Scenario two – We are zeroed very carefully at 200 yard here in Missouri.  It is a solid zero as evidenced by multiple targets fired at various distance at longer and shorter distances.  Our altitude is just under 1000 feet about sea level at the range we were shooting.  We get to where we are going to hunt and all we have presented are long shoots on open prairie.  Uh oh, no way to get closer and the range finder is reading 327 yards.  What to do?  We have a 200 yard zero, no problem just hold mid-body right behind the shoulder and let ‘er rip.  Boom, I see the bullet hit mid-body right next to the shoulder.  Three steps and down right there.  Although a successful shot I asked where did you hold, right where you told me mid-body, was the answer.  No way, this isn’t a fire breathing magnum and the range read was good why was this little gun so flat?  Then it dawned on me, we’re at 8000 feet and the trajectory is flatter at 8000 than it is at 1000 for sure.

Big Buck Deer

Mike Machholz’ 270 w/130 grain SBT GameKings® zeroed at 200 yards accounted for this nice white tail at 125 yards in 2014.

Scenario three – I’ve got my brush gun and it carries a tried and true 100 yard zero.  I can hit a gnat at 100 paces, no problem.  So here I am enjoying a nice sunshiny day on the north side of a cut bean field on a very beautiful November day.  Being careful to stay among the trees but not really sneaking along.  I catch movement about 250 yards away on the other side of the field.  I lean against a tree and get a steady look with my binoculars. It is a very nice white tail buck, head down obviously following a hot scent.  All I can do is watch.  I’d have to hold over his back to even consider this shot and there is no way I could be certain I could make a successful shot at that distance with that rifle zeroed that way.  I carefully ducked into the trees and headed in the direction the buck was traveling.  I had the wind but he had the light.  Knowing that I hustled to the end of the  field to intercept him in his amorous blindness where I could cut the range to a very doable 75 yards.  Apparently the buck knew that to and failed to show.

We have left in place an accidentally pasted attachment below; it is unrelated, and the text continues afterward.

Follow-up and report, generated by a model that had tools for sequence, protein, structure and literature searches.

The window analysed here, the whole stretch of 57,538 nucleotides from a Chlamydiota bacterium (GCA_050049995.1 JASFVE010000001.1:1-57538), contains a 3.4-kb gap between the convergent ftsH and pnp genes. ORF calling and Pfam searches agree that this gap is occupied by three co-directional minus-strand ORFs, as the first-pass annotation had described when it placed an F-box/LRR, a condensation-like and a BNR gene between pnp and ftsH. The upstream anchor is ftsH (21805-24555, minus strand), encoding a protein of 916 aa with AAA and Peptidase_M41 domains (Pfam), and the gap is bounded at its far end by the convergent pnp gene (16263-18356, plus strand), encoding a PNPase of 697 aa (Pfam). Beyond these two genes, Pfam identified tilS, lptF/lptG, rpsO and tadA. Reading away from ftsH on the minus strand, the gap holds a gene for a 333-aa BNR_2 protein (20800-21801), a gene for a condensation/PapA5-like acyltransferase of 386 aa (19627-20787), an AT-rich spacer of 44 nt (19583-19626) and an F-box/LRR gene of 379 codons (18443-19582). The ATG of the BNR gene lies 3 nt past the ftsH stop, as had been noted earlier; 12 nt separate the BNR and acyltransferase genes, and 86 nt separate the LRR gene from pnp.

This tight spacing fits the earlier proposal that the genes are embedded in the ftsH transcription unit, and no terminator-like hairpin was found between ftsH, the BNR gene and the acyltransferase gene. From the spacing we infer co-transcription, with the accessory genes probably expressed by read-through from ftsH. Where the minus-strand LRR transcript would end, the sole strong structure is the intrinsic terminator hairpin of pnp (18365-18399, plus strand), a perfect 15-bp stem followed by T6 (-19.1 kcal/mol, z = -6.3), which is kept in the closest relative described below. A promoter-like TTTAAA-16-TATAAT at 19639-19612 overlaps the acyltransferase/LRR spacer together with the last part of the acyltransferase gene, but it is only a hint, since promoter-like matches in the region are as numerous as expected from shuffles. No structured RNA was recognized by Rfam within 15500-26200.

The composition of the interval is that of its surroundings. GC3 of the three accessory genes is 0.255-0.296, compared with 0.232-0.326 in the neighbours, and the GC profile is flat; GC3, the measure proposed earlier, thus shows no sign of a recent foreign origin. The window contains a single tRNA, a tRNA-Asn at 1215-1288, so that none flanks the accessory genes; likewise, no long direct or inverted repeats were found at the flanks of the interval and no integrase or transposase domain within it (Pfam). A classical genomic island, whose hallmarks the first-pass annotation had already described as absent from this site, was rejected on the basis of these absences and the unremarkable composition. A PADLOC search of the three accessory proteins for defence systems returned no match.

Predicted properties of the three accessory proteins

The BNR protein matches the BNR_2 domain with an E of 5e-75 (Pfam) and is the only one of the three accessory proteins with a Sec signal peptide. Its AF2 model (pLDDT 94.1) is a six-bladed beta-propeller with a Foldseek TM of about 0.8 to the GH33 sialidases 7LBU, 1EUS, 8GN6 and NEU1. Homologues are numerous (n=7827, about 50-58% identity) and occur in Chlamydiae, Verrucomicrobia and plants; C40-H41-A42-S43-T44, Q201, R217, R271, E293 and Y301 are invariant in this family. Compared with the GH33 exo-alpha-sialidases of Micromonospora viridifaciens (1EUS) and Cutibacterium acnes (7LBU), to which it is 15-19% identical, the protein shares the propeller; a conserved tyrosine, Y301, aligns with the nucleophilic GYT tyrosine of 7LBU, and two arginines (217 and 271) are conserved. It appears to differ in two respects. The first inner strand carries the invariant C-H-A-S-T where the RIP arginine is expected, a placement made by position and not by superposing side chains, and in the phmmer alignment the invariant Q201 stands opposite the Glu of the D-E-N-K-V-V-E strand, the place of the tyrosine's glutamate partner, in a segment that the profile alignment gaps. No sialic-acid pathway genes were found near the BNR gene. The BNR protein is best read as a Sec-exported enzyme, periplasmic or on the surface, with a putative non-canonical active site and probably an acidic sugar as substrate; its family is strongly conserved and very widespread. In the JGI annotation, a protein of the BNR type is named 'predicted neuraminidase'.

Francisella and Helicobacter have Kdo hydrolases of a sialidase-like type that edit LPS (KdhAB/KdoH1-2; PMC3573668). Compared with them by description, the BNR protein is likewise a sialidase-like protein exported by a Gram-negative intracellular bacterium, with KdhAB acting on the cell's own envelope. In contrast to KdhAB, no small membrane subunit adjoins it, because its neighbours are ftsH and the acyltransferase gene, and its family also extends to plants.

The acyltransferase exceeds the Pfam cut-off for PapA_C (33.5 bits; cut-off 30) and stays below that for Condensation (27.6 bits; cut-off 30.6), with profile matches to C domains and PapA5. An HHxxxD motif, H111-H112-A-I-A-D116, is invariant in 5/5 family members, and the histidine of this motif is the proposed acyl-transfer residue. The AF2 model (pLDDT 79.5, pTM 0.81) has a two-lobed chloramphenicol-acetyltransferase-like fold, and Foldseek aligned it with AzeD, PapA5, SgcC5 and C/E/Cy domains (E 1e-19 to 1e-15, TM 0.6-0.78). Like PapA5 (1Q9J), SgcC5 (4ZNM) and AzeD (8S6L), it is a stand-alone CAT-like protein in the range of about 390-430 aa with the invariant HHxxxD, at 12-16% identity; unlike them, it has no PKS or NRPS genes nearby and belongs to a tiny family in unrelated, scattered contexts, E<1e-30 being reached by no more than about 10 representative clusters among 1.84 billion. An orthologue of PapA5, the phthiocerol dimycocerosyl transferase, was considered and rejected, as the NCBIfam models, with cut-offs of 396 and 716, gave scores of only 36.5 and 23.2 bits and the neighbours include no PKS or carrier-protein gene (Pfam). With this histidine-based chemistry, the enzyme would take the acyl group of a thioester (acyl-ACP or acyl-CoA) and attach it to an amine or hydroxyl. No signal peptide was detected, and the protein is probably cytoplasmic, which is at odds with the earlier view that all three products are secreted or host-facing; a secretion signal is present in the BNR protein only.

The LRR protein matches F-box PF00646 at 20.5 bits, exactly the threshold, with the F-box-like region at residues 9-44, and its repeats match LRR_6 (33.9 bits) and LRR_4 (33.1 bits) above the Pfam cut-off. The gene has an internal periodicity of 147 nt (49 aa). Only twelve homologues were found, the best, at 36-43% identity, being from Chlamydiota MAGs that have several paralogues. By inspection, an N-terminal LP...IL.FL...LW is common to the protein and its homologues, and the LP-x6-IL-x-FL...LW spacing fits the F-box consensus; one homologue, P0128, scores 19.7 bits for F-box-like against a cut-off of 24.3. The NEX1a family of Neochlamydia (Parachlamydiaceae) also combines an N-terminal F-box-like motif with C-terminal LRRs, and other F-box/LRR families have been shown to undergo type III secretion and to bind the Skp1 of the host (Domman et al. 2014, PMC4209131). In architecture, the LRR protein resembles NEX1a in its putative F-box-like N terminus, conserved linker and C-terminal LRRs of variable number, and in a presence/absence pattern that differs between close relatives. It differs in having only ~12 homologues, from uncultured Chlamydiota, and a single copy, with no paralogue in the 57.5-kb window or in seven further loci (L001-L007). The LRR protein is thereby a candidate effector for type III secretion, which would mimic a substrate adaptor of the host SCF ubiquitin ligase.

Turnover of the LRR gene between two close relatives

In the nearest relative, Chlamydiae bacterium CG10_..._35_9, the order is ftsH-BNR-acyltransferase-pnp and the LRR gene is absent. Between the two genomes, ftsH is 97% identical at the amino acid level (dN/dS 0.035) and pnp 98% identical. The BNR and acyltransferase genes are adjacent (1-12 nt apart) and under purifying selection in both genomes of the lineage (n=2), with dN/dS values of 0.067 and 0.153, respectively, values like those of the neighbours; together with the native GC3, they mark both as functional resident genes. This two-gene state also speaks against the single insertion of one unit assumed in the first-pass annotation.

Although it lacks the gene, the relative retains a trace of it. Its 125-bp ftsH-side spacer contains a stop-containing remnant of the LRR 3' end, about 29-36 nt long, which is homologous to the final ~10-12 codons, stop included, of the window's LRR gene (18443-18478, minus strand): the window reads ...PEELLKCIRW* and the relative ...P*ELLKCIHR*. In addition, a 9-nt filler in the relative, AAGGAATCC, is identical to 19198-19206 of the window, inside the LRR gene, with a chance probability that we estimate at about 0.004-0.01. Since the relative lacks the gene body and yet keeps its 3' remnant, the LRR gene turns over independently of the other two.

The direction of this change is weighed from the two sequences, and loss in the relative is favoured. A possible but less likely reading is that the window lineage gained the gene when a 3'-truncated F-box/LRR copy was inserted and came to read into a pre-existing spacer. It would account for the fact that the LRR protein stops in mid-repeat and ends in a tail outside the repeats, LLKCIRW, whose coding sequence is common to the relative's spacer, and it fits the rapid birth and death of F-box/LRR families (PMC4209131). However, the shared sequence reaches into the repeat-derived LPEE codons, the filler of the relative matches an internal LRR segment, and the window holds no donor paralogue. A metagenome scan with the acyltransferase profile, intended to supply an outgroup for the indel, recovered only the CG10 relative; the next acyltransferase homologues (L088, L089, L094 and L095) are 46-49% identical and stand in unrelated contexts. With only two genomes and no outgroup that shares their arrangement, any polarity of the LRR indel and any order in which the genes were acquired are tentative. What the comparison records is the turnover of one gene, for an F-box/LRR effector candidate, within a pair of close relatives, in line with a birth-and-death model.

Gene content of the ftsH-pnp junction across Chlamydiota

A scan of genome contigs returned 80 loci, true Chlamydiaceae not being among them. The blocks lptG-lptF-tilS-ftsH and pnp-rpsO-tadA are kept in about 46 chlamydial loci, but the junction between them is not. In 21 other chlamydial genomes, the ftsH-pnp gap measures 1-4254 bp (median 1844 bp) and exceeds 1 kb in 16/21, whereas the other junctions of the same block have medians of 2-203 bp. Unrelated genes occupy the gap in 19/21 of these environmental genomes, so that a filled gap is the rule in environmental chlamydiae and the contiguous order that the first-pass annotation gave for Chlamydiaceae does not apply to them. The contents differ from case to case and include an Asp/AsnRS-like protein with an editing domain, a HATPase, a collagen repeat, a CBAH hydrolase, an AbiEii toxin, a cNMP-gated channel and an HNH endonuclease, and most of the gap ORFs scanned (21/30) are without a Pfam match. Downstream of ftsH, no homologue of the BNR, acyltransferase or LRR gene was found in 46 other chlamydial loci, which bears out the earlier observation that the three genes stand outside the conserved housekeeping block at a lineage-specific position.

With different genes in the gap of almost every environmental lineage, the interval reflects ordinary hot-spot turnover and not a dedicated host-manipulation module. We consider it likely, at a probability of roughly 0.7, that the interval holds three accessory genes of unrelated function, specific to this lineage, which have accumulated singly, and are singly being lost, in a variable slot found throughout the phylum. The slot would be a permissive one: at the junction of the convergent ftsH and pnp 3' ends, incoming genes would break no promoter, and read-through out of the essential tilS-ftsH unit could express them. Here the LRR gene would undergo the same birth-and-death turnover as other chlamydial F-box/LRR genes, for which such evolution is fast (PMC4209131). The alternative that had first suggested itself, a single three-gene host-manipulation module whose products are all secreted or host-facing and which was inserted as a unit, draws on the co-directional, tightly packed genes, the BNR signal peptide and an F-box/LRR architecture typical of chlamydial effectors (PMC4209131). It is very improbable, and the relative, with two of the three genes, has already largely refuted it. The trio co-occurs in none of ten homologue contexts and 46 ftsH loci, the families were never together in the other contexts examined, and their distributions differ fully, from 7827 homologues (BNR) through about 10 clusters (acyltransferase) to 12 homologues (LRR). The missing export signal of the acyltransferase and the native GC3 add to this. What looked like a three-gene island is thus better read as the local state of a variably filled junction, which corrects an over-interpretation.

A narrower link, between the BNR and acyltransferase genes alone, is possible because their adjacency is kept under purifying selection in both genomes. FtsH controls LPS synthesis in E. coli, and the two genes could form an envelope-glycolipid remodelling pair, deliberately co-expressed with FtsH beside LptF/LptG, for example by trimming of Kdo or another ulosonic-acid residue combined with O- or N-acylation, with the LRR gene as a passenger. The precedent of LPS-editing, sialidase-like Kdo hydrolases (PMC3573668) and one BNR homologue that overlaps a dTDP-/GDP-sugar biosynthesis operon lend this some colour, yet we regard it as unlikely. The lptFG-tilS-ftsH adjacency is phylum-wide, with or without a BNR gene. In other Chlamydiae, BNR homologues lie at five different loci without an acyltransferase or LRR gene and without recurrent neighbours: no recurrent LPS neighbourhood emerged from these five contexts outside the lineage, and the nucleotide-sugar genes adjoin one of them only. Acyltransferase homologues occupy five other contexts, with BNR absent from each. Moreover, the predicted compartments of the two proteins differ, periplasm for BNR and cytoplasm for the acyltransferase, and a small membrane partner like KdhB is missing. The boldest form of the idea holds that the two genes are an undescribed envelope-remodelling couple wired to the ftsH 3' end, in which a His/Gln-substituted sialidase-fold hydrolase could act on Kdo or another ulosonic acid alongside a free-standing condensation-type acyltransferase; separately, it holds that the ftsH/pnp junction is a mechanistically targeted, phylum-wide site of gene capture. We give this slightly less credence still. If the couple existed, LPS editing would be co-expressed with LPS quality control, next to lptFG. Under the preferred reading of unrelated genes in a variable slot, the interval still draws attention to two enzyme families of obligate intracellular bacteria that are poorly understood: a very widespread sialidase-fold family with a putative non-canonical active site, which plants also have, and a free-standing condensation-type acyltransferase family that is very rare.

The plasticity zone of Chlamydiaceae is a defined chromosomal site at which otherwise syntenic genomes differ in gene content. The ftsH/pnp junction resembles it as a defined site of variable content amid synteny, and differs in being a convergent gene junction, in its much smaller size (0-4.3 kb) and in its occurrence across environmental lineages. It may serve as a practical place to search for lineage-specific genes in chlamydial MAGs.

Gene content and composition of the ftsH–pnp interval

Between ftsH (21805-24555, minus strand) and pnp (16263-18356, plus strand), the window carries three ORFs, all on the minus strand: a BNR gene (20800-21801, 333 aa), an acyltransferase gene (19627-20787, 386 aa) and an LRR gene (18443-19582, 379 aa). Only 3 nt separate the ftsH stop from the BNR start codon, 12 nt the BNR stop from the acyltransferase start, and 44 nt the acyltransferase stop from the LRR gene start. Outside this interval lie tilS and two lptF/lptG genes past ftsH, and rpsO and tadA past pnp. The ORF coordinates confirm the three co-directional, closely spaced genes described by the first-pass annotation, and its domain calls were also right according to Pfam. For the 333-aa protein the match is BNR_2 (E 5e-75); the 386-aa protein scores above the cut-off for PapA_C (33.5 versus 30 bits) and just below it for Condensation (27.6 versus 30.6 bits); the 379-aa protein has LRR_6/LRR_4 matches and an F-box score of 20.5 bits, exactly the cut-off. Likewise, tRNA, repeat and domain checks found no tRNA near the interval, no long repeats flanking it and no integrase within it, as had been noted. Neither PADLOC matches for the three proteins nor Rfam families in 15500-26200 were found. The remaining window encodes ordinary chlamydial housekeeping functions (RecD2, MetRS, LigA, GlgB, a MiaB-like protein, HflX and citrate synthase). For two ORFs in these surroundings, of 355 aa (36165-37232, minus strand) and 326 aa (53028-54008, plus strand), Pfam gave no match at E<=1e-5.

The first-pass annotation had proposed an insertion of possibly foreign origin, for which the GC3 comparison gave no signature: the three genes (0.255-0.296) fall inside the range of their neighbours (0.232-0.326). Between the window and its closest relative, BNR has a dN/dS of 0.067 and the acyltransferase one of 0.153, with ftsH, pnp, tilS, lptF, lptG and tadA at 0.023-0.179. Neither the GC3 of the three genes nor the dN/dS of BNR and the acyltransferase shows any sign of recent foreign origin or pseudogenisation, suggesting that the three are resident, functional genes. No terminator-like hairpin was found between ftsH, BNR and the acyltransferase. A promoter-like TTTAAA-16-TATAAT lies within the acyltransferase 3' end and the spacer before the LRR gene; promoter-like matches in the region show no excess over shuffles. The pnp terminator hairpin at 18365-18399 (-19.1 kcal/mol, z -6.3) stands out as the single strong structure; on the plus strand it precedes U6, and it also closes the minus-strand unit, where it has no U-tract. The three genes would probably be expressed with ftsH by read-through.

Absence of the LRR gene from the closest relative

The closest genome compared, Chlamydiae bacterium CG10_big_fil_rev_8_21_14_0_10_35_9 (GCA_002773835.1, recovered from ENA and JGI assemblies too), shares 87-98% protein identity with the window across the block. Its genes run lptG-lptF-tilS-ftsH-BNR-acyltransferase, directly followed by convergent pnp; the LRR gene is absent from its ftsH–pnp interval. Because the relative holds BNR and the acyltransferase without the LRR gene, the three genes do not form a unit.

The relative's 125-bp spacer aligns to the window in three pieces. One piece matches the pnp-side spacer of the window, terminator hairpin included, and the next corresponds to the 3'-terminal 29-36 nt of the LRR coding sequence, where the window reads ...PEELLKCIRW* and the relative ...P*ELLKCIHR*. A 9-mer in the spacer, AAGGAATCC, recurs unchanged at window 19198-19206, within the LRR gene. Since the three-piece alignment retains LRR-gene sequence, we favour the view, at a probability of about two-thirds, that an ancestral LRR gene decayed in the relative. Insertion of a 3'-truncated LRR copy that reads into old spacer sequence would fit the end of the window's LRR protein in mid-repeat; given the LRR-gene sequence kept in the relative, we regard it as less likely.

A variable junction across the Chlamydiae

The answer to all three of these scenarios is simple, a 200 yard zero.  Almost any unbelted hunting cartridge that produces at least 2600 fps with your chosen hunting load will benefit from this.  Basically you will be about an inch high at 50 yards and 2 inches high at 100 yards and 8 inches low at 300 yards.

This entry was posted in Hunting Stories and tagged , , , , , , . Bookmark the permalink.

11 Responses to Usable Hunting Zeros

  1. Zbigniew says: